While parents may be together, separated or divorced, children still need both parents in their lives. In some cases, a family separates and children may end up residing with their mother. The father is put on a set visitation schedule, allowing them time with their children one night a week and every other weekend. Other situations involve joint-custody, or equal times with each parent. Whatever the case may be, it is crucial that children develop a bond with their father. Studies show that when children are bonded to both parents, they have a better overall development.
If you are seeking custody or visitation rights to a child in a North Carolina court, you are probably aware that the best interests of the child play a crucial role in the court’s final decision. However, the phrase “the best interests of the child” encompasses a wide range of ideas, and the court’s view of what comprises best interests may differ from your own or those of the child in question. Here are a few important factors in the best interests standard.
When it comes to new babies joining your family, maternity leave is often expected. Mothers are generally given anywhere from six week to three months to spend time with their child, recover from delivery and an infant sleep pattern, and arrange schedules and details so that she can eventually return to work. In most cases, however, the father of the child is not given any time off and is forced to return to work immediately, all while struggling to adjust to a new baby in the home. At Marshall and Taylor, we fight for your rights as a mother or a father.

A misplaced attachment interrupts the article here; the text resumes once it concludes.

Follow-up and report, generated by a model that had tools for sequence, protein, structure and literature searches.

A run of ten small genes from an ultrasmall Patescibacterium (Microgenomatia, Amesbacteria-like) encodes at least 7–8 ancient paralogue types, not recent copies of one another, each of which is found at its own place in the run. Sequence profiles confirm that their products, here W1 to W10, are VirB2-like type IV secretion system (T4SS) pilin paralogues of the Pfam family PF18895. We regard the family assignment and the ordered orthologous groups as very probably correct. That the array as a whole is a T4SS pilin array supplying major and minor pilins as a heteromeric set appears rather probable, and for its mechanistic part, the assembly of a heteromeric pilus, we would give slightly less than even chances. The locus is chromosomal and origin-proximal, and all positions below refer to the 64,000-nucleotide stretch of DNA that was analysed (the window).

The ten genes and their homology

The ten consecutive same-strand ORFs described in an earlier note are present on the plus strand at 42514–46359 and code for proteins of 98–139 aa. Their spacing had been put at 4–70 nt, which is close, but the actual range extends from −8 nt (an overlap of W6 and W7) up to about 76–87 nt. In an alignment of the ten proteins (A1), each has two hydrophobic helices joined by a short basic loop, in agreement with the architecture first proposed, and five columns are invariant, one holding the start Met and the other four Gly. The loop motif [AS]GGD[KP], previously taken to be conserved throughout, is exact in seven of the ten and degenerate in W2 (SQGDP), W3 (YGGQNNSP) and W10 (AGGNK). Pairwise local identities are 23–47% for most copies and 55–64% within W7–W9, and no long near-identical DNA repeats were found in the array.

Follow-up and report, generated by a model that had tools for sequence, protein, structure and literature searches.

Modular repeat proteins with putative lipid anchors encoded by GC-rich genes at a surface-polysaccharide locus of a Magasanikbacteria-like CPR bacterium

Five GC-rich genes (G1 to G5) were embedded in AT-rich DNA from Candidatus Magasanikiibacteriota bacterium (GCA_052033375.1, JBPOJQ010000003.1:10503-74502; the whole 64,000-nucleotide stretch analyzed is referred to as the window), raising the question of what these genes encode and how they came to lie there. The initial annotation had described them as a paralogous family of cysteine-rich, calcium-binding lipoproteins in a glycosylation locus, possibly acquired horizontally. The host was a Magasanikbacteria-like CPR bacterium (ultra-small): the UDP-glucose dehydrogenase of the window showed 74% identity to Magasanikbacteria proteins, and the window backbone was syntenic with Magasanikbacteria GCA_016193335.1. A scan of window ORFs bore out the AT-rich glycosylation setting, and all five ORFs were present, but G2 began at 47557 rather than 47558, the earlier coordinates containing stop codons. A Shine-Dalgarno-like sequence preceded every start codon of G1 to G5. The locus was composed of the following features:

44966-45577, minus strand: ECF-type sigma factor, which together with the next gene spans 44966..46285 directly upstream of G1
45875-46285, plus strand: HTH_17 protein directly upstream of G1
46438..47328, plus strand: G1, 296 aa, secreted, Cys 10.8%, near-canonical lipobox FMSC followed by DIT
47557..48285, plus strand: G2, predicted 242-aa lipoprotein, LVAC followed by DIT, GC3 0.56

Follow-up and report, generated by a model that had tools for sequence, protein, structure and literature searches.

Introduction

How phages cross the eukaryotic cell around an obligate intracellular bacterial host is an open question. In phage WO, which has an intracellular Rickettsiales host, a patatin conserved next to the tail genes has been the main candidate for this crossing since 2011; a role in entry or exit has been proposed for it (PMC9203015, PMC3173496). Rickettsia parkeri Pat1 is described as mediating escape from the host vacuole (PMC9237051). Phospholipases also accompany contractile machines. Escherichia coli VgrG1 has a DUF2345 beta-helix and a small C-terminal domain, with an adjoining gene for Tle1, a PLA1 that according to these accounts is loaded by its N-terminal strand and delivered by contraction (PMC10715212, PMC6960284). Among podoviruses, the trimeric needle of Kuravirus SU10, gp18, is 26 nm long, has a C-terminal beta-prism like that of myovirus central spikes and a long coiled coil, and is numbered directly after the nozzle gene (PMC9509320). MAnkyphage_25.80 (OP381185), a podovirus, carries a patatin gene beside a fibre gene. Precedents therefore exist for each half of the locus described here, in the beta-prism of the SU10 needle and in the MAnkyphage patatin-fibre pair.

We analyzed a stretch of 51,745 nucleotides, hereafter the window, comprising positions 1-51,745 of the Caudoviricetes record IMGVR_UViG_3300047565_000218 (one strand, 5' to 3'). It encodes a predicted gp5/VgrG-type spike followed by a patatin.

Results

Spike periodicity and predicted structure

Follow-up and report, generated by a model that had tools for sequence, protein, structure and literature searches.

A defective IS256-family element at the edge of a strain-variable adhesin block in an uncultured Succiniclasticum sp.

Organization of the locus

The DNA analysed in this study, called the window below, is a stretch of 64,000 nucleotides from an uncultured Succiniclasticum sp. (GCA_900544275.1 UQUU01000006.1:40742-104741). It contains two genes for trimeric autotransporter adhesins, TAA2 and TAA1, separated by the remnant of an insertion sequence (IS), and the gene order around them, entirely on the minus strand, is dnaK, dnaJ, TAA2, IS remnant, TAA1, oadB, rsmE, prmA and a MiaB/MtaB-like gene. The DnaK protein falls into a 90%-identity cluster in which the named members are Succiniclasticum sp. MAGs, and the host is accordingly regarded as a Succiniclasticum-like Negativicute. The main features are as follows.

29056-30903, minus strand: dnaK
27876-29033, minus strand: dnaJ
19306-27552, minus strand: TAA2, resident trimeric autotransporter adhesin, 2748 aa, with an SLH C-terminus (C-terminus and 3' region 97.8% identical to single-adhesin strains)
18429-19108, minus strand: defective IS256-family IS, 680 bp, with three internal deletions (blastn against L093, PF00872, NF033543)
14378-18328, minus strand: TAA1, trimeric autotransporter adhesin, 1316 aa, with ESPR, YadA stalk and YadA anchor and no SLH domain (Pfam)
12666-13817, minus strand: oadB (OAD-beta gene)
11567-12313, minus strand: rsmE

Although often stressful and daunting, divorce is a process that many individuals have experienced at some point in their lives. For some, the decision may be sudden and unexpected; while others might have known it was coming for quite some time. Either way, the end of a marriage can change the dynamic of your retirement.
Going through divorce can be draining, but some ex-spouses in North Carolina cause the drama to continue by ignoring the child custody orders and forcing you to seek help from the law. While this can be physically, emotionally and mentally exhausting for you, there are ways to ensure that all rules are followed and your divorce agreement is honored. We at Marshall and Taylor are here to help you determine the original custody arrangement as well as hold the court accountable for enforcing it.
As a North Carolina grandparent, your bond with your grandchild is a crucial part of your life. Parental divorce, however, can damage or destroy that special relationship between you and your grandchild. Fortunately, you may have a legal right to seek ongoing contact under state law.